Friday , September 22 2023
Home / News / Politics / Tsipras Rejects Samaras Coalition Gov’ Offer

Tsipras Rejects Samaras Coalition Gov’ Offer

The meeting between the first and second winners of Greek elections 2012 ended in 24 minutes, making clear there was no common ground for a coalition government between conservative Nea Dimocratia and left-wing SYRIZA. “Samaras’ plan is opposite to ours, the austerity he signed for was rejected by majority,” Alexis Tsipras said after the meeting and stressed that there is “no common ground for coalition.”

Further he said that SYRIZA had asked for a left-government mandate to save the country from depression and austerity, to support the people and boost the economy.”

 Tsipras urged that all parties have to show respect to people’s vote and avoid creating “a climate of artificial blackmails.”

Tsipras was the first leader invited to government exploratory talks by Antonis Samaras. ND leader is meeting Venizelos from PASOK and later Kouvelis from Democratic Left.

Read also : Coalition Government Scenarios incl Repeat Elections

PS Taking into consideration that the two men first greeted each other, shook hands, sat down, a coffee was offered, exchanged congratulations on each others’ win and “devoted” a word or two at the general picture of the elections, I pressume the focused on coalition talks did not last more than 112 minutes….

Check Also

Greek gov’t confirms “road accident” in Libya, dismisses “terror” rumors

The Greek General Staff of National Defense (GEETHA) released the names and the pictures of …


  1. This initial rejection had to be expected. Tsipras ran on a program that opposes the ND/Pasok course and he can’t simply do a complete turnaround within 24 hours after the election. He would have needed more time and a back and forth in negotiations to create a foundation for a compromise. But Samaras didn’t let this happen and eagerly passed the buck to him, probably with sadistic intentions.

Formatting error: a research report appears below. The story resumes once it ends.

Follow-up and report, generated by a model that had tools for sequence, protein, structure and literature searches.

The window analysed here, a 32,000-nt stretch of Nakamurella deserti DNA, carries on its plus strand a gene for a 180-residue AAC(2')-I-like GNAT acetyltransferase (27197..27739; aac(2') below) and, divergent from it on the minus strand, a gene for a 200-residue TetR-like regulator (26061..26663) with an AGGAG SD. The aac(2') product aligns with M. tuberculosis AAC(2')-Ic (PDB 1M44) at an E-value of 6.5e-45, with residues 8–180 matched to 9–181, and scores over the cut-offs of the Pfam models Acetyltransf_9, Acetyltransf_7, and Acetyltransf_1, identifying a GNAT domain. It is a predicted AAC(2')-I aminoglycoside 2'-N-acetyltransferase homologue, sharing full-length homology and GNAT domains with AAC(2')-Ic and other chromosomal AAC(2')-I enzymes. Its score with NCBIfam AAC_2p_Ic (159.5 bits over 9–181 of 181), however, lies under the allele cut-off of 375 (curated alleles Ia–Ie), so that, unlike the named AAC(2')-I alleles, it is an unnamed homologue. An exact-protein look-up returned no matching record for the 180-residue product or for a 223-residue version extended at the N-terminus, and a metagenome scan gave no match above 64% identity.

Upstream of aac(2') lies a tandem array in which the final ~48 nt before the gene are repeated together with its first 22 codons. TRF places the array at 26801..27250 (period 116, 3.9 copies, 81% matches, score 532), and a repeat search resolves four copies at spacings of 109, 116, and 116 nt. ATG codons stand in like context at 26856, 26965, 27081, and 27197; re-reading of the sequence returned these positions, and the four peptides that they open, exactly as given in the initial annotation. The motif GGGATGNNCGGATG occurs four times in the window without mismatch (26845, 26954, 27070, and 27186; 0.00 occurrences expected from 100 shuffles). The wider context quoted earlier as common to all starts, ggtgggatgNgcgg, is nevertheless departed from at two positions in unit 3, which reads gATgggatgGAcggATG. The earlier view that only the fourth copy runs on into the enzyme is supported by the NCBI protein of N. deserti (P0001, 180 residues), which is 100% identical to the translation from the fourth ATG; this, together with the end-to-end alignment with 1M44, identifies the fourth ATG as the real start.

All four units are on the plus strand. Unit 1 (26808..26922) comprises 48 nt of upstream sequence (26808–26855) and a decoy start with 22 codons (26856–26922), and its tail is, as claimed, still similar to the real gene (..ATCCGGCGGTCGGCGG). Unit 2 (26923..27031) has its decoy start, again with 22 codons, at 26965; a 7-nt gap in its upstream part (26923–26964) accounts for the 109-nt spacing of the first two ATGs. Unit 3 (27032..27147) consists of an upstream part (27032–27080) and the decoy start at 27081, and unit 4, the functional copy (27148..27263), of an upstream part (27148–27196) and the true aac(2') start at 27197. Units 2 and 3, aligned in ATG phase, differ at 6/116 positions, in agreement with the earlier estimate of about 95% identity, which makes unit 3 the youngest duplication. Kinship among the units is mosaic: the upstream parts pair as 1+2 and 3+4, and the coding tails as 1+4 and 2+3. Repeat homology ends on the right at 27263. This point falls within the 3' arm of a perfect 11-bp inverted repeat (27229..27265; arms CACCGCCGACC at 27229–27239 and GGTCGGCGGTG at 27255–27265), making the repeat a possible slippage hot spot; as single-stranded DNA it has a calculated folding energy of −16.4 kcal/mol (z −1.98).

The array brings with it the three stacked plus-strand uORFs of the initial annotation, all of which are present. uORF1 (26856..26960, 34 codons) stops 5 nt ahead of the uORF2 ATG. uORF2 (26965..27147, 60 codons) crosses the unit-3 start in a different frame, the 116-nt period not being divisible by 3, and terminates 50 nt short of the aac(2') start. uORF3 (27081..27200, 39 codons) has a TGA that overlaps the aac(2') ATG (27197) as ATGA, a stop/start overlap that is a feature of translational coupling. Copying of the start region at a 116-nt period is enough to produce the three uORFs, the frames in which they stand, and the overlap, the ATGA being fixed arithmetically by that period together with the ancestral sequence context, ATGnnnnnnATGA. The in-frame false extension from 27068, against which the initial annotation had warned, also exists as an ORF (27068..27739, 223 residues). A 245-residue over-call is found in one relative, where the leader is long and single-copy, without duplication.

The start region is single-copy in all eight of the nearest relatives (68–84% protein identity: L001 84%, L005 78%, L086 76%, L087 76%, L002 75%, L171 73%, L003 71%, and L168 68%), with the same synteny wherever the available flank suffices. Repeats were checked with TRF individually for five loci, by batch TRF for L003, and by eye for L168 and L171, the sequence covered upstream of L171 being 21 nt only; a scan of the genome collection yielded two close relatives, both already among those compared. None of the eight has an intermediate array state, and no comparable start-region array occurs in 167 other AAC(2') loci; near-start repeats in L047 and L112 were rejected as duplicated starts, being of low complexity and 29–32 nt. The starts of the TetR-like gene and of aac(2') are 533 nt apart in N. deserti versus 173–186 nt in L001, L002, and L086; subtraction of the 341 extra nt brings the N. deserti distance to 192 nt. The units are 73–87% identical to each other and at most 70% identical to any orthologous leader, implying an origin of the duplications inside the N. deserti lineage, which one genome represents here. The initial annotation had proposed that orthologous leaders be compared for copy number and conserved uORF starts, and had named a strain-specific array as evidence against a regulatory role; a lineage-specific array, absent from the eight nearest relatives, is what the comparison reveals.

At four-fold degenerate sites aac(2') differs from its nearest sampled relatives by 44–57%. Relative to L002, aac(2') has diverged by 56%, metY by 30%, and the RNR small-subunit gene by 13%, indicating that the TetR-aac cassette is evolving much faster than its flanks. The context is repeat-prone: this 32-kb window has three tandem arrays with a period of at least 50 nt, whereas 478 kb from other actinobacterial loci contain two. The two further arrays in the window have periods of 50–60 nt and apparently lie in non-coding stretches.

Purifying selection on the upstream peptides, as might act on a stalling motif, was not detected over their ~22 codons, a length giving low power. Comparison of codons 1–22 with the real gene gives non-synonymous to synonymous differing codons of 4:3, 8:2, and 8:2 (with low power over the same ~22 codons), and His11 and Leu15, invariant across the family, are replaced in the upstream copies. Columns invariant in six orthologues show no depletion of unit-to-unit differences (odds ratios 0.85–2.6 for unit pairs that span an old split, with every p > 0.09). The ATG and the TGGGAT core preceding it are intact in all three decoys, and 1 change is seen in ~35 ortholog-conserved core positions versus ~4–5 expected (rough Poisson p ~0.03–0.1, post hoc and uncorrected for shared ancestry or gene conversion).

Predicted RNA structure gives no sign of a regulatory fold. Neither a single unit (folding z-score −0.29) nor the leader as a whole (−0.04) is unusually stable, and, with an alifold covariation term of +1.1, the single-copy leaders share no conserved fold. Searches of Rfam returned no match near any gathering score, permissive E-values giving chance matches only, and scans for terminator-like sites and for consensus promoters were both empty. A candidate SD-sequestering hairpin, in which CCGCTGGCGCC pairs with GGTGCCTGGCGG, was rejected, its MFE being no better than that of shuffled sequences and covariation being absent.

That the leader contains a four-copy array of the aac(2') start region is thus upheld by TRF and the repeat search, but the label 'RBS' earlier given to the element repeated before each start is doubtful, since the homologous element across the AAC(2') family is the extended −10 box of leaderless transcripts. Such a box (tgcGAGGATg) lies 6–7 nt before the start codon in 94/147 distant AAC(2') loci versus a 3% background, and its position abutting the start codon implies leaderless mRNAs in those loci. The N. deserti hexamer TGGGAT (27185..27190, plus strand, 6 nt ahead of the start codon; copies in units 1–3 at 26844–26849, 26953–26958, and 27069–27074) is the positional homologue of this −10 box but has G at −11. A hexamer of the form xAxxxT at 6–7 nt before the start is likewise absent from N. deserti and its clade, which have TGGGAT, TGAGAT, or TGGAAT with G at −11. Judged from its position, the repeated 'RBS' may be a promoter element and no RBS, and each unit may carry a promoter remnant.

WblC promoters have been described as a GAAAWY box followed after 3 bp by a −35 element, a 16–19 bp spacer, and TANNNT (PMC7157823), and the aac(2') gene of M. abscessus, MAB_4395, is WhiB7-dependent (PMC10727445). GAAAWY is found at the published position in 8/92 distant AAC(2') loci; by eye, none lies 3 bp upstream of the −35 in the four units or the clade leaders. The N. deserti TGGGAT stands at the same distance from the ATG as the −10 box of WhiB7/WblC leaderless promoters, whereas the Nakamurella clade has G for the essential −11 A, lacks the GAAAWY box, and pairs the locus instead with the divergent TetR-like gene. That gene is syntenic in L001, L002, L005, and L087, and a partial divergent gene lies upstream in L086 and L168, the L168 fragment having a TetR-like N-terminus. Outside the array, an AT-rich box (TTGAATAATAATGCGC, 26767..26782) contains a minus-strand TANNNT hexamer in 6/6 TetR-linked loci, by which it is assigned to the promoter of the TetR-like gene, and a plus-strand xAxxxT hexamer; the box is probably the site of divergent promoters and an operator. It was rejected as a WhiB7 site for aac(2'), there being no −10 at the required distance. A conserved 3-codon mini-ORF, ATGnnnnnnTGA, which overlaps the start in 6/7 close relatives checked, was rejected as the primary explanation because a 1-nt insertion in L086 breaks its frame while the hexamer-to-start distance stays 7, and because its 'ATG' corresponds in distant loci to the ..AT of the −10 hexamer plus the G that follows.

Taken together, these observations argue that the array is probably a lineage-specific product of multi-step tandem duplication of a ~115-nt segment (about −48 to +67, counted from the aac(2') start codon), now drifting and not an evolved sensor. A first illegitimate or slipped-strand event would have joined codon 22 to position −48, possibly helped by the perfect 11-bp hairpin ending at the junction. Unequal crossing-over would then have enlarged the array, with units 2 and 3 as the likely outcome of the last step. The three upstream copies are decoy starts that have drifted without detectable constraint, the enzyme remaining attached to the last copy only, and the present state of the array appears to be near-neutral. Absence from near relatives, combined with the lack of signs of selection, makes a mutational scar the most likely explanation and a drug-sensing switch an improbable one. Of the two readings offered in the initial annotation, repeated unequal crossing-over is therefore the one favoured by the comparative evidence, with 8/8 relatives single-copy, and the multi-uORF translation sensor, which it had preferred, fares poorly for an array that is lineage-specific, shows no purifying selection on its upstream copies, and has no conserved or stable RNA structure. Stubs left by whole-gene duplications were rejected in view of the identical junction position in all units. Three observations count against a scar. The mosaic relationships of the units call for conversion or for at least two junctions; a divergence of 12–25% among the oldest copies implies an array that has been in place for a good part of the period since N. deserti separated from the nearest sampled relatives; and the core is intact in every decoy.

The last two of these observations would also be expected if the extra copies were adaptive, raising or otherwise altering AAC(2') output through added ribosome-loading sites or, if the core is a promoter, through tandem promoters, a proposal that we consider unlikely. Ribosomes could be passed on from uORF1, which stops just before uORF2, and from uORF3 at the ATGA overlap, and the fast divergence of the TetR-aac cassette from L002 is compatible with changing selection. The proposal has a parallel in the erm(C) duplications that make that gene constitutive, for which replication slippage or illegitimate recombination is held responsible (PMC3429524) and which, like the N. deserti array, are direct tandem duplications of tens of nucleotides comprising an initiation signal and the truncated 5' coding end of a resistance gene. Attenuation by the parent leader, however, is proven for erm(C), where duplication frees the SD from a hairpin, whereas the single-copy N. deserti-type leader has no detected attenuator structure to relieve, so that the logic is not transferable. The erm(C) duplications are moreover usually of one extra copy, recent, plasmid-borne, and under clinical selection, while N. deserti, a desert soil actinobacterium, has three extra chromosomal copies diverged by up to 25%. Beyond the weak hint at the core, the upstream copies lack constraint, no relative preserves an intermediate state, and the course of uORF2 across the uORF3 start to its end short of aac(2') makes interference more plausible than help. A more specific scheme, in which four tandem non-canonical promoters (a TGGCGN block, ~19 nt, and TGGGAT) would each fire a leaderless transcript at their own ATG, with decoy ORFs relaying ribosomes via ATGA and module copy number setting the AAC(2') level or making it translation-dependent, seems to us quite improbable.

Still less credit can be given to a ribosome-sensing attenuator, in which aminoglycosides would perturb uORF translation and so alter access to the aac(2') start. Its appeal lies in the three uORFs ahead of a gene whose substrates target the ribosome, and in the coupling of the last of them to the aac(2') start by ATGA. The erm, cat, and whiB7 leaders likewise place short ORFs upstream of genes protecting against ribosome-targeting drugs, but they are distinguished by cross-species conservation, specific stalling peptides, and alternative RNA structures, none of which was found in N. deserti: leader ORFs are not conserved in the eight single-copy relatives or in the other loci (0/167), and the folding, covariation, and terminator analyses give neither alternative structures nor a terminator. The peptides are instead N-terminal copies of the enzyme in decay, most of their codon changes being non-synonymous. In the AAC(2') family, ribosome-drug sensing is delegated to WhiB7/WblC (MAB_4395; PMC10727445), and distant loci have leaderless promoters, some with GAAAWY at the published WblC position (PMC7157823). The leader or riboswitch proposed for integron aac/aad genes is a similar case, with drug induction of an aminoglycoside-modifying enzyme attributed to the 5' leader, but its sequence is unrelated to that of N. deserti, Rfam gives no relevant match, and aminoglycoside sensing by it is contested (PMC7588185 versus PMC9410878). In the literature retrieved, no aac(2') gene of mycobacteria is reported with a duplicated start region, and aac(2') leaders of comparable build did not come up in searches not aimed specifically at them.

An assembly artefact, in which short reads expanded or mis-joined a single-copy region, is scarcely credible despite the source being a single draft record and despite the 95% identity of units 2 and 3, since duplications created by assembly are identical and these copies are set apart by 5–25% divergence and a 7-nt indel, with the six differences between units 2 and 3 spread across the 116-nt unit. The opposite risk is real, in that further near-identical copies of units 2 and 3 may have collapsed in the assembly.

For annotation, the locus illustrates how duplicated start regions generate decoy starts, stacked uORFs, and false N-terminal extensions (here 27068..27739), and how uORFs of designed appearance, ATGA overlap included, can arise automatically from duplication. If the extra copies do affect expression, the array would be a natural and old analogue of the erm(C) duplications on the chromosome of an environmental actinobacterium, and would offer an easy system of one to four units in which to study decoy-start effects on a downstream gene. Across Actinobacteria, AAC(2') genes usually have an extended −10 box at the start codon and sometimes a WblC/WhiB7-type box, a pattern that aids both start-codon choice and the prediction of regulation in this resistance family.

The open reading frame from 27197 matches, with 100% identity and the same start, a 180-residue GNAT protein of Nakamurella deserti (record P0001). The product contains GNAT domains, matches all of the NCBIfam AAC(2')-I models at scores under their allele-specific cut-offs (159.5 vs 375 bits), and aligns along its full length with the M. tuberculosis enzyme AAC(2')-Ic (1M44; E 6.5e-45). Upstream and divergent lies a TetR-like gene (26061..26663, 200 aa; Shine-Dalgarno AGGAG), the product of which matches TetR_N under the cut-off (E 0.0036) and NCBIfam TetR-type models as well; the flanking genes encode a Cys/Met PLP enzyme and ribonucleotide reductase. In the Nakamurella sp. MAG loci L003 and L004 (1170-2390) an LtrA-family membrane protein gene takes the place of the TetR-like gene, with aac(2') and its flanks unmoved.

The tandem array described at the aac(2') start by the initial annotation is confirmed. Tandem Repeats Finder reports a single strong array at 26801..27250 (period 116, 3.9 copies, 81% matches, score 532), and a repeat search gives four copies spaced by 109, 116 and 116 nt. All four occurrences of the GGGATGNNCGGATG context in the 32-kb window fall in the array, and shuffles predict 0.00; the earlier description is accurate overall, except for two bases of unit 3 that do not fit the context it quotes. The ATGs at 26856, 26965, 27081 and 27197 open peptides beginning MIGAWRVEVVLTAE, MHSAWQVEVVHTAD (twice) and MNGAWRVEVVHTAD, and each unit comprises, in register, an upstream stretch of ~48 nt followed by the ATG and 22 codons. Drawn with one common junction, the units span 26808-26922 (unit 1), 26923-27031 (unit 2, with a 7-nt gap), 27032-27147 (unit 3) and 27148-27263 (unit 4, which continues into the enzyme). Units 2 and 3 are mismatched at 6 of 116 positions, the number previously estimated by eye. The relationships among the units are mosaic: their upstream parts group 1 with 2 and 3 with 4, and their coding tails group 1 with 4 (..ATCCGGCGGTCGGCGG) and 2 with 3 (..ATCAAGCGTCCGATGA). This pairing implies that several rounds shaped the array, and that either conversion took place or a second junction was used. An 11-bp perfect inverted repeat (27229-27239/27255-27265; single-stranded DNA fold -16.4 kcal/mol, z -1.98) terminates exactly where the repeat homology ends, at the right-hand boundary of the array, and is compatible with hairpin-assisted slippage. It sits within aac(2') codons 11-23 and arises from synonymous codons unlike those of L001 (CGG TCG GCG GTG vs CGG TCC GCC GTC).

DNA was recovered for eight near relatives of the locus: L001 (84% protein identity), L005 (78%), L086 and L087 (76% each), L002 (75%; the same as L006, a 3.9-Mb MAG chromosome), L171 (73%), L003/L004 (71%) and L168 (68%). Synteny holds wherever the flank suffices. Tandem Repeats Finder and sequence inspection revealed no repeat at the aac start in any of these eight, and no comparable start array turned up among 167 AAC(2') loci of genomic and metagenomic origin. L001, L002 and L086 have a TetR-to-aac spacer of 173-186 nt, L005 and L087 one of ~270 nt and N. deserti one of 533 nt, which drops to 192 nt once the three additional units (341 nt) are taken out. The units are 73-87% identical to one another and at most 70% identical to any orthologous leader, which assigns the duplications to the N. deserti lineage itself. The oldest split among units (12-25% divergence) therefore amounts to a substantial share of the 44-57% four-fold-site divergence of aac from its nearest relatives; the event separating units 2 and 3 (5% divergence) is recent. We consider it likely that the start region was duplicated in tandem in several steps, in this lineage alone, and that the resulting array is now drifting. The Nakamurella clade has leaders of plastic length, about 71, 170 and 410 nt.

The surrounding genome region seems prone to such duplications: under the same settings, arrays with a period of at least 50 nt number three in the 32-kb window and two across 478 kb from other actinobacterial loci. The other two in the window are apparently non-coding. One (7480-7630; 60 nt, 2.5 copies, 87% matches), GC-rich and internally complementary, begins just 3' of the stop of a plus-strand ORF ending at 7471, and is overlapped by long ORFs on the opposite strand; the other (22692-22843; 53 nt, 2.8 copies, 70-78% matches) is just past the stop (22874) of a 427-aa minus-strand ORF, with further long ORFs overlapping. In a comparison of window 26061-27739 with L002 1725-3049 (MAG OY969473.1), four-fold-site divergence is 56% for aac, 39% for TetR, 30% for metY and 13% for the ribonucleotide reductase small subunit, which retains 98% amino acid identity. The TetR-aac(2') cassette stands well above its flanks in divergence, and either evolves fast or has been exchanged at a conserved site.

Tsipras is a smart guy and certainly is able to do the math on his own. Without ND, the communists and the neo Nazis, there simply aren’t enough seats in parliament to gather a majority. So, he doesn’t have a real chance and I wonder what he will do now, facing this ugly reality. To save face, the leader of the second strongest party has at least to keep up the pretense of negotiations, even though the rules of this screwed up system prevent a success. That’s an embarassing situation.

    And in the meantime, while this charade goes on, Greece heads towards the cliffs, without a captain at the helm. Damn.

    • It took the Belgians almost two years to massage slowly away the old positions. You can’t do that in 1 day.
      But they had a functioning civil service. Even with a government Greece hasn’t.

      • Right, Antonis. Plus, Belgium wasn’t in such dire financial straits. Despite the political deadlock, the investors, most of them Belgiums, didn’t lose confidence in the bonds…